Health Care: A Community Concern?

By Anne Crichton; Ann Robertson et al. | Go to book overview
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Research on Organization Theory and
its Relevance for Canadian Health
Policy Development

The decision of the Canadian federal and provincial governments to establish collectivist social policies was made without realizing the structural implications of such a decision. The framework of analysis presented in Chart 1.1 gives some indication of the complexity of the organization of the welfare states which would have to be set up. Not only was there a variety of social programs to be brought in, but there were a number of different levels of government involved in their funding and delivery. The need for coordinating policy making, service delivery, administration and research was barely understood. And it might have been easier to start from scratch, but some professional and social services were already being provided under the individualistic system of care which existed in Canada in the 1930s. As well the postwar reconstruction plans for a collectivist system of care were introduced in a piecemeal manner as, and when, they could get political support.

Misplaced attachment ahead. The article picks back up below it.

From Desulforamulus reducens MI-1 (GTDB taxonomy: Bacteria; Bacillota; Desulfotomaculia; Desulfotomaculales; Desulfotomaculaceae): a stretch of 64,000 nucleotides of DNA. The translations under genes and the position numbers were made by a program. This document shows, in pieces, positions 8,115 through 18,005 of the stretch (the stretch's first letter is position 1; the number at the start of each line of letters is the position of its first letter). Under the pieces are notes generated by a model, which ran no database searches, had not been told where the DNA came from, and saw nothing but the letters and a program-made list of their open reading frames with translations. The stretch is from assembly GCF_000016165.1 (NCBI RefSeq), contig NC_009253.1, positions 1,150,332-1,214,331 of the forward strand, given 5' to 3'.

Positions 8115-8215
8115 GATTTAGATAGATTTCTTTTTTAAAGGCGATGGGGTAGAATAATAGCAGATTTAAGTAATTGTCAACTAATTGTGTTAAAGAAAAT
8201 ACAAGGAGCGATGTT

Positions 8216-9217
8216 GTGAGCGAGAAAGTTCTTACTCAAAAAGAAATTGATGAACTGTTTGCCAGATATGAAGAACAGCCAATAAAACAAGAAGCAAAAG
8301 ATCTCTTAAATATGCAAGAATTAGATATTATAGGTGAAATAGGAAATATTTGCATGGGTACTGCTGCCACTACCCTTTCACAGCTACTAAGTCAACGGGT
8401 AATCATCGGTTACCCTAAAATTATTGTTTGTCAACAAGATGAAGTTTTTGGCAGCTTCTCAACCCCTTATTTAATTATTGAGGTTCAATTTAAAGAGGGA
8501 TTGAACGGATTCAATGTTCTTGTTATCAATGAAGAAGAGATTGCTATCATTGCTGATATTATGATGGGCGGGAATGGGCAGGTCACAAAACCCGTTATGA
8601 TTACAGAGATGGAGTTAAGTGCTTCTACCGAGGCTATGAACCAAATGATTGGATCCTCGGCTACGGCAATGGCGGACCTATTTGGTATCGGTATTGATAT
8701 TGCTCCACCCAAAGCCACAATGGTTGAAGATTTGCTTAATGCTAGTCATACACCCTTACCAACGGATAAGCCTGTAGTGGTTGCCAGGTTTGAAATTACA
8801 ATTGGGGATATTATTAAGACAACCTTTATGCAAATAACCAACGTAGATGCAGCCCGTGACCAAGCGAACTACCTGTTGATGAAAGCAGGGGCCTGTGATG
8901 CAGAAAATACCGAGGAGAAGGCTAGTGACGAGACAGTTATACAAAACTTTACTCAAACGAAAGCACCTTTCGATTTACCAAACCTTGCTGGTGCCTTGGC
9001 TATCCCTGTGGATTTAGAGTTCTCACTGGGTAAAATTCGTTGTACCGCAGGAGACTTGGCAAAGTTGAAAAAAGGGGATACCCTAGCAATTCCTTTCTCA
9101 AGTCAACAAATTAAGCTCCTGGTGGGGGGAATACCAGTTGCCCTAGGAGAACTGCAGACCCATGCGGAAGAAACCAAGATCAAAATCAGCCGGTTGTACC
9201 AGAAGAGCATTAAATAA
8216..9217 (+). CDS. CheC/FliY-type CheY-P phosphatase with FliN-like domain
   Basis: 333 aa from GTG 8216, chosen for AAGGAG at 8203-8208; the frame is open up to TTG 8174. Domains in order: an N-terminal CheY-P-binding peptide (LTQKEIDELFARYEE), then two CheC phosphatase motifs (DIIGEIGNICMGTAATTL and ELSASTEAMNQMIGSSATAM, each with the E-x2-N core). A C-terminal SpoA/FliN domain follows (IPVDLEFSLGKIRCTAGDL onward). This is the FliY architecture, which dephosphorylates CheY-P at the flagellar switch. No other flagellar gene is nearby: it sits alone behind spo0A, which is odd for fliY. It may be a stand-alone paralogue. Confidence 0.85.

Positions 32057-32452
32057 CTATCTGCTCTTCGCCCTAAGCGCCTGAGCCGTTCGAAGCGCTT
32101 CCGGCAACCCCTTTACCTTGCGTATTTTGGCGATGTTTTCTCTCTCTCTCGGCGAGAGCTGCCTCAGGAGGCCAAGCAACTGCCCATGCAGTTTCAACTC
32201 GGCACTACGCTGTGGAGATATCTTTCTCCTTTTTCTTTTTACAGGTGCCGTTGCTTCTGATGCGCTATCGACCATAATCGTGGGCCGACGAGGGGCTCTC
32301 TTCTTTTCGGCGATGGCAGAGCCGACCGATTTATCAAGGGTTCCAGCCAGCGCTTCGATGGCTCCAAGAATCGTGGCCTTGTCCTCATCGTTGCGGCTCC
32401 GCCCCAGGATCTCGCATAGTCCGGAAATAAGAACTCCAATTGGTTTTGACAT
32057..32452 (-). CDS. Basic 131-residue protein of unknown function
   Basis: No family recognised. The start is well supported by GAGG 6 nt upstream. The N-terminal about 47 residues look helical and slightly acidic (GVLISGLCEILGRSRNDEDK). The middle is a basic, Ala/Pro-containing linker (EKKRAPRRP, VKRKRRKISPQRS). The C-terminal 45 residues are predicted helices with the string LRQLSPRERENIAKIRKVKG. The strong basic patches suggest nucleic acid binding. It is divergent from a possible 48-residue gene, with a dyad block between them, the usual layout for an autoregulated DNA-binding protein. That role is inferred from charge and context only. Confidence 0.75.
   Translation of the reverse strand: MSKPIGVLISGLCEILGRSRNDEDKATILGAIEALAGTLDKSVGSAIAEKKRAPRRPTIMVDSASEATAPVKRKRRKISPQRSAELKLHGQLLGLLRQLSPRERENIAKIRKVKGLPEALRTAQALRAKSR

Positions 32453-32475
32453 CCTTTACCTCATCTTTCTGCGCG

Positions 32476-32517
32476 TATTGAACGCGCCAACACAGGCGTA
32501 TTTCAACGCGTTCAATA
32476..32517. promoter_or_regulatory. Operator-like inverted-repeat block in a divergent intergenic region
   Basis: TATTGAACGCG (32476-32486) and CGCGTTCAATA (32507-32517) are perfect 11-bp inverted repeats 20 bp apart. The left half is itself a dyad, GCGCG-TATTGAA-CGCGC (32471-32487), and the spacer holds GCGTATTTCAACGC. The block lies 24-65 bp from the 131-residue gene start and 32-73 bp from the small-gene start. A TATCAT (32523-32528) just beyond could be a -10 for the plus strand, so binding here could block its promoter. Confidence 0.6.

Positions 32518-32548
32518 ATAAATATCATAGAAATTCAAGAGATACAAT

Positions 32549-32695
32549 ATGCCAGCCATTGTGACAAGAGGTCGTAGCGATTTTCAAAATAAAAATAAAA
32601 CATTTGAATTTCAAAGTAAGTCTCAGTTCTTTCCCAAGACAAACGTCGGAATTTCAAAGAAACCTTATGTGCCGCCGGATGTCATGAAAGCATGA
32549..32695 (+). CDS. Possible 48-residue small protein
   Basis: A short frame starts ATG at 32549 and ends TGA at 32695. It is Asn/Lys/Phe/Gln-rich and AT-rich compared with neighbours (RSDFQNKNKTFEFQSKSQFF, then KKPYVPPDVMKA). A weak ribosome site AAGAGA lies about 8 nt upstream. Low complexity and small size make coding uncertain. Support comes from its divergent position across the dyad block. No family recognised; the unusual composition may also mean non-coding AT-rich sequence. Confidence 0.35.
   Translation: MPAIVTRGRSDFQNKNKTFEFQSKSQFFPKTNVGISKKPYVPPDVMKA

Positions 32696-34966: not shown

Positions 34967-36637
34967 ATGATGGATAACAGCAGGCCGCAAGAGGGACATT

The chapter which follows outlines the theory of reconstructing organizations and should enable the reader to see what might be expected in moving first from an individualistic system of health care to a collectivist biomedical model and then, after a review of the mission, to a social model of care. No one seems to have seen the whole picture or understood the adjustments that would have to be made in moving from one model to another as the existing subgroups were brought into one larger new organization. And they were resistant to making the necessary changes for the system to be optimally successful.


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Health Care: A Community Concern?
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